"In 2001, Conan told The New Yorker this about the incident: "College pranks are supposed to be clever, but our rivalry with the Crimson had degenerated into us stealing something, Jeff calling the police, and the police making us haul it back," said O'Brien. (Other Lampoon pranks on Zucker included "a fake phone-sex ad with Zucker’s dorm-room phone number. Zucker did not find any of this particularly hilarious.") So what's to glean from this Harvard history lesson? Yes, Jeff Zucker was a thin-skinned prick who didn't understand comedy or know how to handle creatives even back then."
I definitely found this fascinating. I doubt it had any role in how things played out, but its certainly noteworthy and almost cliche. College rivals go at it with the more down to earth and fun loving individual getting under the skin of the more ambitious and uptight rival.
Years go by with success for both until both climb to the top of their professions. Conan takes over the holy grail of television only to be knocked off his perch by his former college rival. In a movie, Conan would have a last laugh but as it stands now, America is being subjected to Jay Leno. I won't rehash any more of this but will rather tip my hat to Conan for a very classy goodbye message with a poignant message to young people that I'll remember for years to come.
There is something about writing, especially on your own site, that keeps your mind fresh. I've been pathetic at doing it the last 6 months and I hope to get back in the groove now. It's been far too long.
To get back on a roll I present to you the future of sports journalism in Damon Weaver who caught my eye on the The 700 Level. Damon's a pretty good interviewer and fires a diverse assortment of questions in a sporadic manner. Below he interviews Donovan McNabb and specifically asks McNabb if he has ever cried after a game (1:30 in).
McNabb proudly states that he has and its not a big deal. Other interesting moments include "Everyone knows you're good at football, but what are you horrible at?".
While McNabb staunchly defends men crying, his NFC counterpart Tony Romo chimes on the opposite side of this divisive issue stating "Men Don't Cry". Damon also probes rumor on if he likes Duke of Hazzard and who he prefers as a singer between Carrie Underwood or Jessica Simpson.
Maybe I'm a sucker for cute kids being hilarious, but this was a nice change of pace for Pro Bowl coverage. Damon does these interviews for his school and has a bunch of other interesting interviews including one with Obama. Sadly he tones down it down for our president in chief.
There are a lot of interesting people on the Internet. For instance check out the comments on my article about how Tyler Hansbrough commercial is awful. When you google "Tyler Hansbrough commercial", look what happens.
While you would think this is a good thing, my blog mocking how terrible that commercial is pops up for every fan of his and or North Carolina who wants to watch it. They want to gawk at Tyler getting his own commercial. Instead they get my article saying how much it blows. This leads to awesome comments like this:
"With a last name like Koo you shouldn't be calling anyone else "ridiculous".."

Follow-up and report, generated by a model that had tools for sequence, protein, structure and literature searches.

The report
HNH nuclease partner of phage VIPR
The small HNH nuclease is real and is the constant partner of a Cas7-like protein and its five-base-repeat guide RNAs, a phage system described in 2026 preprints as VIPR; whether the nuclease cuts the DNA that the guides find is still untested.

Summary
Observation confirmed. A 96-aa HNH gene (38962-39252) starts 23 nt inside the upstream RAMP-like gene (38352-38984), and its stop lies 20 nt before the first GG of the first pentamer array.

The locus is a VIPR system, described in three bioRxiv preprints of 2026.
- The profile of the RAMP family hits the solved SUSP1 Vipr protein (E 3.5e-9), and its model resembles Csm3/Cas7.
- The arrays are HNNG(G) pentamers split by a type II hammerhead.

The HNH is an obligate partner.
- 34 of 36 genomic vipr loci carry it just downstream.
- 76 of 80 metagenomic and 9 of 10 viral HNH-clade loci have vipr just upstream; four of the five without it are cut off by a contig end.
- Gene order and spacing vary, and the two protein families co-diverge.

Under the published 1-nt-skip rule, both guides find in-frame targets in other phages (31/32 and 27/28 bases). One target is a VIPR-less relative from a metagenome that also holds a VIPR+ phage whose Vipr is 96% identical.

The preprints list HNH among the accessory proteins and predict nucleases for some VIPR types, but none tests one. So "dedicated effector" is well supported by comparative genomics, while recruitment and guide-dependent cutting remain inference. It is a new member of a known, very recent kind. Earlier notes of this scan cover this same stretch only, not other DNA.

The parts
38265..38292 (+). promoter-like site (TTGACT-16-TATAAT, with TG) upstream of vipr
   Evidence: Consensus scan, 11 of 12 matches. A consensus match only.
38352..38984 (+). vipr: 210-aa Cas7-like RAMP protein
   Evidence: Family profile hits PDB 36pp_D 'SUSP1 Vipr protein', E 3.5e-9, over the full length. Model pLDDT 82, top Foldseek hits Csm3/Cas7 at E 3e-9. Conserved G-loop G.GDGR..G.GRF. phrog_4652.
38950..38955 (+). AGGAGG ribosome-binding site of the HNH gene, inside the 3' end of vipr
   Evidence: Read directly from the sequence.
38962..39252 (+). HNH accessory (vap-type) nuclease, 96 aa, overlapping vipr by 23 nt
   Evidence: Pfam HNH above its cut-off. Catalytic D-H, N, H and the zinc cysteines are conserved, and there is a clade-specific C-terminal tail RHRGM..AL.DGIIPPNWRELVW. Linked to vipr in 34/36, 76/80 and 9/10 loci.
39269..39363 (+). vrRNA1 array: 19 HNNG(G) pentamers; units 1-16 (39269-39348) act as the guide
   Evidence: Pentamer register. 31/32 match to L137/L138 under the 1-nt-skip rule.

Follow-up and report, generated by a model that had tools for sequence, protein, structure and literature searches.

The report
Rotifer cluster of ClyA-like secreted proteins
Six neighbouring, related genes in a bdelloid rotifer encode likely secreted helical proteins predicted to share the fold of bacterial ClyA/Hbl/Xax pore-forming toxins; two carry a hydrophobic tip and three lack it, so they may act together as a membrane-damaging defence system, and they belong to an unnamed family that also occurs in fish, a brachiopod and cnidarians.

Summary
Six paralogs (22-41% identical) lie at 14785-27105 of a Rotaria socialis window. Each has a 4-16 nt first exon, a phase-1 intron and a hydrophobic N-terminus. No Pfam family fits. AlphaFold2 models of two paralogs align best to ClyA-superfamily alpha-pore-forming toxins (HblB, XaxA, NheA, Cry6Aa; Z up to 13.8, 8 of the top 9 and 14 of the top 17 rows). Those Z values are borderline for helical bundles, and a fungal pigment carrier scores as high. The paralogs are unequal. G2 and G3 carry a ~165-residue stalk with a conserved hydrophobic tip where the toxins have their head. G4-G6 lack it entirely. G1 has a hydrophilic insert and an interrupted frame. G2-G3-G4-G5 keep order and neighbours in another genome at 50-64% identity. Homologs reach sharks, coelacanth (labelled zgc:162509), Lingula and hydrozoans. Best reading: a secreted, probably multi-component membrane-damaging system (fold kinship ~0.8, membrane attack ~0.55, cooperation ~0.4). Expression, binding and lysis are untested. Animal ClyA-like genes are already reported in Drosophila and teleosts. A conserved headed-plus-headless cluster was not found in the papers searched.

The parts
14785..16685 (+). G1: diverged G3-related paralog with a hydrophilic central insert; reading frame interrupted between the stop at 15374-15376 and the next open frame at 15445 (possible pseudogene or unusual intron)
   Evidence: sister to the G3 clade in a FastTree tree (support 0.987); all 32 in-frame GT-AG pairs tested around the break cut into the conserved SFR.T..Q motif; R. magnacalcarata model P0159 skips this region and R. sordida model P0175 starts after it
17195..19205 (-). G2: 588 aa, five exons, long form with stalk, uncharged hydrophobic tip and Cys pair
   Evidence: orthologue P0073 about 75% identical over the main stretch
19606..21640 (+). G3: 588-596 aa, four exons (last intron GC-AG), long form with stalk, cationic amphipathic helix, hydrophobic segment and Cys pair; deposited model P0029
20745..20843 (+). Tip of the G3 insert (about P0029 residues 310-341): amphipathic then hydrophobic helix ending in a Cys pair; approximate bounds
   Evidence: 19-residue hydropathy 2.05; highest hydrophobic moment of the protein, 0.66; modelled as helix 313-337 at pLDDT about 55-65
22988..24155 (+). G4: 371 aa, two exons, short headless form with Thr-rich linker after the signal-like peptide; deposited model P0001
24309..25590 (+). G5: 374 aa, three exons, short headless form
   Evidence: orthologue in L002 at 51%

"ben koo is a poo poo. he said it all when he said hansbrough is the most despised for basically working hard???? are you kidding me. ben koo must be one of those people who sue mcdonald's for spilling coffee on himself. get a life, and a job, you should be fired for writing this article."
Luckily this comment was not seen by my boss at benkoo.com. Here is another gem.
"To Mr., uhhhh KOO? What is it with you punks who are just jaded for the sake of being jaded, like by being that way you have hit on some profound life philosophy? Your guy is President now so why so perpetually pissed off?
If you want some real life philosophy, read The Bible. Get happy ya idgit. BTW, you have no writing talent either, so take down this website. Loser."
That's enough of that, but now I want to introduce you to my source of entertainment. Allow me to introduce you to Peter Myers, who during a Twitter tantrum got a little frisky with Mizzourah blog. Just a quick note, its not a good idea to piss off those guys.
So lets start with some background info on Peter. He has only 2 followers and out of his 200+ tweets about 10% of them are to Taylor Swift. Per his Twitter page here are some things he likes and dislikes. Its at this point, I'll insert the jump as from here on out its NSFW. Clich read more to follow along.
A couple weeks back, Yardbarker announced a partnership with Fox Sports that seemed to pique a lot of people's interest.
"FoxSports.com, MSN.com and independent blog aggregator Yardbarker have struck a three-year content syndication and advertising sales partnership that deepens an existing relationship between the three hubs.
Building on a smaller, content-for-distribution deal struck in June 2008, the new pact creates a structure in which FoxSports.com and MSN.com gain the ability to sell Yardbarker advertising inventory. Yardbarker content widgets and individual stories will appear throughout FoxSports.com and MSN.com, and Yardbarker editors will work in regular collaboration with their FoxSports.com counterparts."
Despite the great writeup by the SBJ which is a subscription only publication, a lot of people seemed to want to know more about the partnership and what it meant for both parties as well as the general sports 2.0 industry.
Lucky for me my former boss and Yardbarker CEO, Pete Vlastelica, wanted to share some more details on the deal.